Quality & Quantity 36: 17–42, 2002.
© 2002 Kluwer Academic Publishers. Printed in the Netherlands.
Do Mothers Matter? A Comparison of Models of
the Inﬂuence of Mothers’ and Fathers’ Educational
and Occupational Status on Children’s Educational
SYLVIA E. KORUPP
Faculty of Law, Economics, and Social Sciences, Erfurt University, P.O. Box 900221, 99105 Erfurt,
HARRY B. G. GANZEBOOM and TANJA VAN DER LIPPE
Department of Sociology (ICS), Utrecht University, Heidelberglaan 1, 3584 CS Utrecht,
Abstract. The ﬁrst objective of this article is to clarify which model best captures the structure and
trend of the inﬂuence of social origin on children’s education. The second objective is to analyse how
general conclusions on historical trends in educational reproduction change if we add the mother’s
status background to the model. Six contrasting hypotheses are derived from the body of literature
dealing with models on families’ socioeconomic status. All hypotheses are translated into empirical
models and their explained variance is compared. A pooled data set is used that contains data from
the Netherlands, West Germany, and the USA. The Modiﬁed Dominance Model, that distinguishes
the inﬂuence of the highest from the lowest status parent, has the best model ﬁt. Regarding the second
objective we see that adding the mother’s inﬂuence to that of the father’s does not change general
conclusions on trends in educational reproduction. Over time the inﬂuence of both parents decreases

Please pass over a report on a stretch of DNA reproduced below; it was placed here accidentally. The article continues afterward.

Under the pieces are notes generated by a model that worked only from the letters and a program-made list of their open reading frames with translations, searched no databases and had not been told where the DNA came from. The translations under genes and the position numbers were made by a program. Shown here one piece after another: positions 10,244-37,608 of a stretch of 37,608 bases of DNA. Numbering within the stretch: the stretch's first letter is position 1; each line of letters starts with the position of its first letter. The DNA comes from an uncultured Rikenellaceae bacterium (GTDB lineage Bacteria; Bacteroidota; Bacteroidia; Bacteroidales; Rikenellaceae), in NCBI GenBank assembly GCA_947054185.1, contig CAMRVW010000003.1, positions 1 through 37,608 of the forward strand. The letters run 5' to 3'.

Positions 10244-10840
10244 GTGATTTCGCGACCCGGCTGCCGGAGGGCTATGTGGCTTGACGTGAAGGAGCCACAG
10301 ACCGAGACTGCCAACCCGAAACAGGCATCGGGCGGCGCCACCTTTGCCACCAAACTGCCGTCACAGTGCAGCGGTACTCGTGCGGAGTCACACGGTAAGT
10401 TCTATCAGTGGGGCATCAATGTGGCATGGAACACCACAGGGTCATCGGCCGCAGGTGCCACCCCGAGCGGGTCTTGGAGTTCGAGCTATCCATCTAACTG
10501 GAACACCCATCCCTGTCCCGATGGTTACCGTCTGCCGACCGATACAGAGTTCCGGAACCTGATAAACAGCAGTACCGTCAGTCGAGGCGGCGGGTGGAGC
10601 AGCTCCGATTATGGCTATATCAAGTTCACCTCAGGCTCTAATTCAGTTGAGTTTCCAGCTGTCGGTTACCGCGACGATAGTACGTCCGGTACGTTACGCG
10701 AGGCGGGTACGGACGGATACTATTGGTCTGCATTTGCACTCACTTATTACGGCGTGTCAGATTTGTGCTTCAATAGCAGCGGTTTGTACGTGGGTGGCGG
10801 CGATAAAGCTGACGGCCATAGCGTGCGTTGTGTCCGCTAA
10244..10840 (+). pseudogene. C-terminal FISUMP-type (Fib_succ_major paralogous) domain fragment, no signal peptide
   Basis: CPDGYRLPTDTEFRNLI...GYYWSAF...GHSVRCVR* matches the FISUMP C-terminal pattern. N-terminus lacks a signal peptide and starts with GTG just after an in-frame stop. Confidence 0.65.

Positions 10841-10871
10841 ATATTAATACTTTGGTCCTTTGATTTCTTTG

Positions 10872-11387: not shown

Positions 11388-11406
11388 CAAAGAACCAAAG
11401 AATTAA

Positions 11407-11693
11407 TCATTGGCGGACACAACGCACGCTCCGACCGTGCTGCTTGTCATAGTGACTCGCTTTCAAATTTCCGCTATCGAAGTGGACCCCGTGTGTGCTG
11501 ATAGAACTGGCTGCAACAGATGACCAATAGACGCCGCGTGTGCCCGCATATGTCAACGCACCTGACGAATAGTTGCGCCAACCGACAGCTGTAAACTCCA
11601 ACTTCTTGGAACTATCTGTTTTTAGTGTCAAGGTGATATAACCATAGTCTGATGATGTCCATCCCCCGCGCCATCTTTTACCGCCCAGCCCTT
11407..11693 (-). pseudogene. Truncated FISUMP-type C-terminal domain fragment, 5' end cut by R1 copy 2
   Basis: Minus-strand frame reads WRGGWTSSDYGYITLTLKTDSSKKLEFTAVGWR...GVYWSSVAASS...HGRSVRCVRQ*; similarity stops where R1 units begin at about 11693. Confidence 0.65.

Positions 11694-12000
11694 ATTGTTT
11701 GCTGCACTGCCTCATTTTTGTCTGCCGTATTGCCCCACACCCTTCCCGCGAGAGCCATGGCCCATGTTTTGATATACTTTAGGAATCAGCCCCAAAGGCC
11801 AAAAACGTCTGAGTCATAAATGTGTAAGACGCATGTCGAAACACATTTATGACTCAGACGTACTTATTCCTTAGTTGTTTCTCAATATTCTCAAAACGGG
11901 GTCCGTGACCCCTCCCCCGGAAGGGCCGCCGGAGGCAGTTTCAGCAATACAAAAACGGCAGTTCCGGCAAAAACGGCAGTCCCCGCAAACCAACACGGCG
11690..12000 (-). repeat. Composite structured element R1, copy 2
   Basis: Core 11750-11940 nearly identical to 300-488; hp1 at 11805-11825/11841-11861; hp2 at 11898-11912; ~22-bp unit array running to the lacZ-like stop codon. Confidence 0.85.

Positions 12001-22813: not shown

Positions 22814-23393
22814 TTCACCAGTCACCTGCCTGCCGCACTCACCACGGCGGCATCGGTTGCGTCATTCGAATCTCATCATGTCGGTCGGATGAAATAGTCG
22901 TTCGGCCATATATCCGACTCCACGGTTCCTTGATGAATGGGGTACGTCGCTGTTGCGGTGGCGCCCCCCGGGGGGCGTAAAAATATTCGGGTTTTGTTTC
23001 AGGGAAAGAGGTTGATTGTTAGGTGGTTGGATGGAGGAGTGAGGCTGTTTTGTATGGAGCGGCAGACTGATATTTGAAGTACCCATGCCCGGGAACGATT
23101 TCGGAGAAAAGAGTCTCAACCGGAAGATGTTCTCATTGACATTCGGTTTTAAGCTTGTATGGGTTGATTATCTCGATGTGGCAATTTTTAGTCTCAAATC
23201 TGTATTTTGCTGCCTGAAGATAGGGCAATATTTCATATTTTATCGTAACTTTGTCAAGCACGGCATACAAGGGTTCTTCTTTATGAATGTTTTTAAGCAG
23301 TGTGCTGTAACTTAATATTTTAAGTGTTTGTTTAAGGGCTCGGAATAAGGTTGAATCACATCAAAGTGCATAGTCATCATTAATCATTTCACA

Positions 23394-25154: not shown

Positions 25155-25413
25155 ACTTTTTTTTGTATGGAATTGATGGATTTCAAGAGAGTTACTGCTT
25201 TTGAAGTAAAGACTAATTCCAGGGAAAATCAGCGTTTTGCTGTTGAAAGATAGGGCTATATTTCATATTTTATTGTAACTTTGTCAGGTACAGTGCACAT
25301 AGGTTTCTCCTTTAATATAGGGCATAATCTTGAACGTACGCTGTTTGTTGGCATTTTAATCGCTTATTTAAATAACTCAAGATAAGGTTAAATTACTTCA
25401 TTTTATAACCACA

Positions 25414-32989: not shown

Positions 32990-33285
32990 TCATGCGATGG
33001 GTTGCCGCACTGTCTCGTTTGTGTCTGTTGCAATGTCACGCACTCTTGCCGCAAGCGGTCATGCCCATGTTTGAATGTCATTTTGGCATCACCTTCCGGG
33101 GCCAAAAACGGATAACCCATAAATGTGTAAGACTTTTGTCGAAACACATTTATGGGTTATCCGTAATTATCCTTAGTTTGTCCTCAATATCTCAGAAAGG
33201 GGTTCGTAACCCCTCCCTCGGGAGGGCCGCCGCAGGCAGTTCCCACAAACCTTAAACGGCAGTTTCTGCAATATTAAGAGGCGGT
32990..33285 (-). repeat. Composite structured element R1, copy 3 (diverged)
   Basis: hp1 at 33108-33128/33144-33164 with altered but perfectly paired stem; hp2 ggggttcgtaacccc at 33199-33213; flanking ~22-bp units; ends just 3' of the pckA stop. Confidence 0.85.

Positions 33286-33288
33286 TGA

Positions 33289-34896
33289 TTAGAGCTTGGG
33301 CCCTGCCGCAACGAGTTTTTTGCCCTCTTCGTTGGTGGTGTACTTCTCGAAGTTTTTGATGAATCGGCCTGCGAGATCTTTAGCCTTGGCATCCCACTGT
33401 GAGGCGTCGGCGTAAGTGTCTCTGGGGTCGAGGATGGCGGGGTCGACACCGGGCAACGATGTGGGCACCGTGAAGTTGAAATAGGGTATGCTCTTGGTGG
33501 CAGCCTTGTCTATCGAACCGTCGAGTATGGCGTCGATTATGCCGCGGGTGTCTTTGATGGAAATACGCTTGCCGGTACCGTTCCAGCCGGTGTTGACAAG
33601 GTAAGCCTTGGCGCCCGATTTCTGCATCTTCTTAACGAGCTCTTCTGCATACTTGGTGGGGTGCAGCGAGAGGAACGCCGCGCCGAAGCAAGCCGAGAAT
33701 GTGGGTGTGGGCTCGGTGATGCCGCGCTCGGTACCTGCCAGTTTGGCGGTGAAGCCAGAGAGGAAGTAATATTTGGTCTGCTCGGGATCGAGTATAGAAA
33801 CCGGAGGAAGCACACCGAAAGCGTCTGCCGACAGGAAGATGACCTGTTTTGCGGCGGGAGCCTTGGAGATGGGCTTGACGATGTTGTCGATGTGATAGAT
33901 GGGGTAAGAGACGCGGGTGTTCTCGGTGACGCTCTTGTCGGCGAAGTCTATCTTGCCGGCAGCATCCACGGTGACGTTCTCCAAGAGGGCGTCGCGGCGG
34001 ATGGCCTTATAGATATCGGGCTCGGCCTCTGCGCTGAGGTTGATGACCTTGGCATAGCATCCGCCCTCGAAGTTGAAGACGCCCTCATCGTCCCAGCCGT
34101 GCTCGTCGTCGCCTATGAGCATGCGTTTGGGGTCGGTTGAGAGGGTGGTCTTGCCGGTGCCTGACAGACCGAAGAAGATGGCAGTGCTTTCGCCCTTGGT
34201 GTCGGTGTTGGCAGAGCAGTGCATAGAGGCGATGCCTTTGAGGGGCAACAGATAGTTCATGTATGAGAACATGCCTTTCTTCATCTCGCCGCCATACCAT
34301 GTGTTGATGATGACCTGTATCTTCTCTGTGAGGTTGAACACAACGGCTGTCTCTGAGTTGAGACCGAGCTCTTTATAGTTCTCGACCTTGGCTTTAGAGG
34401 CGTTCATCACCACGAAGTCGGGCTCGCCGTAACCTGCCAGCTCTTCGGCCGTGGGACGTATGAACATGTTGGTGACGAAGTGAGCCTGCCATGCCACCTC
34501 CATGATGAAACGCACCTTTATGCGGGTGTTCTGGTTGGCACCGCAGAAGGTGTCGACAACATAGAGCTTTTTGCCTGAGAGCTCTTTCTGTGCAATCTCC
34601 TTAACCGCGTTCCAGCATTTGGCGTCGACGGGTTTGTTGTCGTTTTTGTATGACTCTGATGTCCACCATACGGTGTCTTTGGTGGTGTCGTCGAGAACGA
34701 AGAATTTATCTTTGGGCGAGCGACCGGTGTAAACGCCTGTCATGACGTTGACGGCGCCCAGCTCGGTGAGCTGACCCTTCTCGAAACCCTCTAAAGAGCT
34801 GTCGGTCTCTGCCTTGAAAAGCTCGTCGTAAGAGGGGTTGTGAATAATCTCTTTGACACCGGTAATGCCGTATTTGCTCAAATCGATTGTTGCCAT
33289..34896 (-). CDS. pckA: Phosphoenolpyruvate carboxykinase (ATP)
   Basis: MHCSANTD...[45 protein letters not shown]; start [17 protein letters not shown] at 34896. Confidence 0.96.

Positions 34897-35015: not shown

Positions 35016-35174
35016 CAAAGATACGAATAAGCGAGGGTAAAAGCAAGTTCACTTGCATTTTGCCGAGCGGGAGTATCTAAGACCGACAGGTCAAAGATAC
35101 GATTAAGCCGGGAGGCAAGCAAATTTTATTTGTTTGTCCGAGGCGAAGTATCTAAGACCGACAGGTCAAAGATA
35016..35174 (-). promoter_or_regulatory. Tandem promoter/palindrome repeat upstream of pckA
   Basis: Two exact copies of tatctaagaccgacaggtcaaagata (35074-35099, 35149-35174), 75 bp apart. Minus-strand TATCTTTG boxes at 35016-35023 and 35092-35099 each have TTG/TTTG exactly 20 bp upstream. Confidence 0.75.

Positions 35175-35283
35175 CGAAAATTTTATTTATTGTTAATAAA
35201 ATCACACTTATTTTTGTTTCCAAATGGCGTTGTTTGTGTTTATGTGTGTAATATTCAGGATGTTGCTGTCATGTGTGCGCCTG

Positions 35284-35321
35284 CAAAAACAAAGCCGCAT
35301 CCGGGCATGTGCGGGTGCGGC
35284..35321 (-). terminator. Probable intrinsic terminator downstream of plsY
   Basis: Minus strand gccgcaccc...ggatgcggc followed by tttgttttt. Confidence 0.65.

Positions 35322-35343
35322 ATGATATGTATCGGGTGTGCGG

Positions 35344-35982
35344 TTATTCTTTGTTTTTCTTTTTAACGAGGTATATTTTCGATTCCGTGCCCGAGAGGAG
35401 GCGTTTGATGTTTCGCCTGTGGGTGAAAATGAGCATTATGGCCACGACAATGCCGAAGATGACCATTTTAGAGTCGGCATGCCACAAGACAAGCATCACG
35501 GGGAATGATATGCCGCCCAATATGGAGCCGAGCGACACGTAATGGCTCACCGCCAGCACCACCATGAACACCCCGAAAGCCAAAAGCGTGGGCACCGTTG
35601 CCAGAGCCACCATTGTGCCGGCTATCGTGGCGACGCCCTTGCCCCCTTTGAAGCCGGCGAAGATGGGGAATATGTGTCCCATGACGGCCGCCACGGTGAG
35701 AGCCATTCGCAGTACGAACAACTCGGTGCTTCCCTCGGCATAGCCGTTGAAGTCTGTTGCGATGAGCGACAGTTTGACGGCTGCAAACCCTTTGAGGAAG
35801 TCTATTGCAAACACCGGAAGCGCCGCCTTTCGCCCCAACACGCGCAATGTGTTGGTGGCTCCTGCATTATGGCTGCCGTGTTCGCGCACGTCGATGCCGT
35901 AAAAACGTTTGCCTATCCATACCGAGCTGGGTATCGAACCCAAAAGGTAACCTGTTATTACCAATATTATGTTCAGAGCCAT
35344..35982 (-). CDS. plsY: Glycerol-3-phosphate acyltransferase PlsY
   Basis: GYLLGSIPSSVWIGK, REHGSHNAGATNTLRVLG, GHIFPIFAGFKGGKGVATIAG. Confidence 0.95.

continuously. However, the inﬂuence of the mother’s education and occupational status on children’s
educational attainment is substantive.
Key words: families, historical trends, social inequality, status attainment
One of the assumptions often made in mainstream stratiﬁcation research is that the
father’s socioeconomic background sufﬁciently represents his family’s socioeco-
nomic position. His status is assumed to determine his family’s socioeconomic
resources. Much of this argument is based on the fact that mothers often do not
hold a paid job or, when employed, are married to a higher status husband (e.g.,
Goldthorpe, 1983). However, times have changed. A growing number of mothers
are employed at one point or another, and the number of cases where the wife’s edu-
This article has been presented at the ISA RC28 Conference Social Stratiﬁcation at the
Century’s End: International Perspectives (Madison, Wisconsin, August 1999).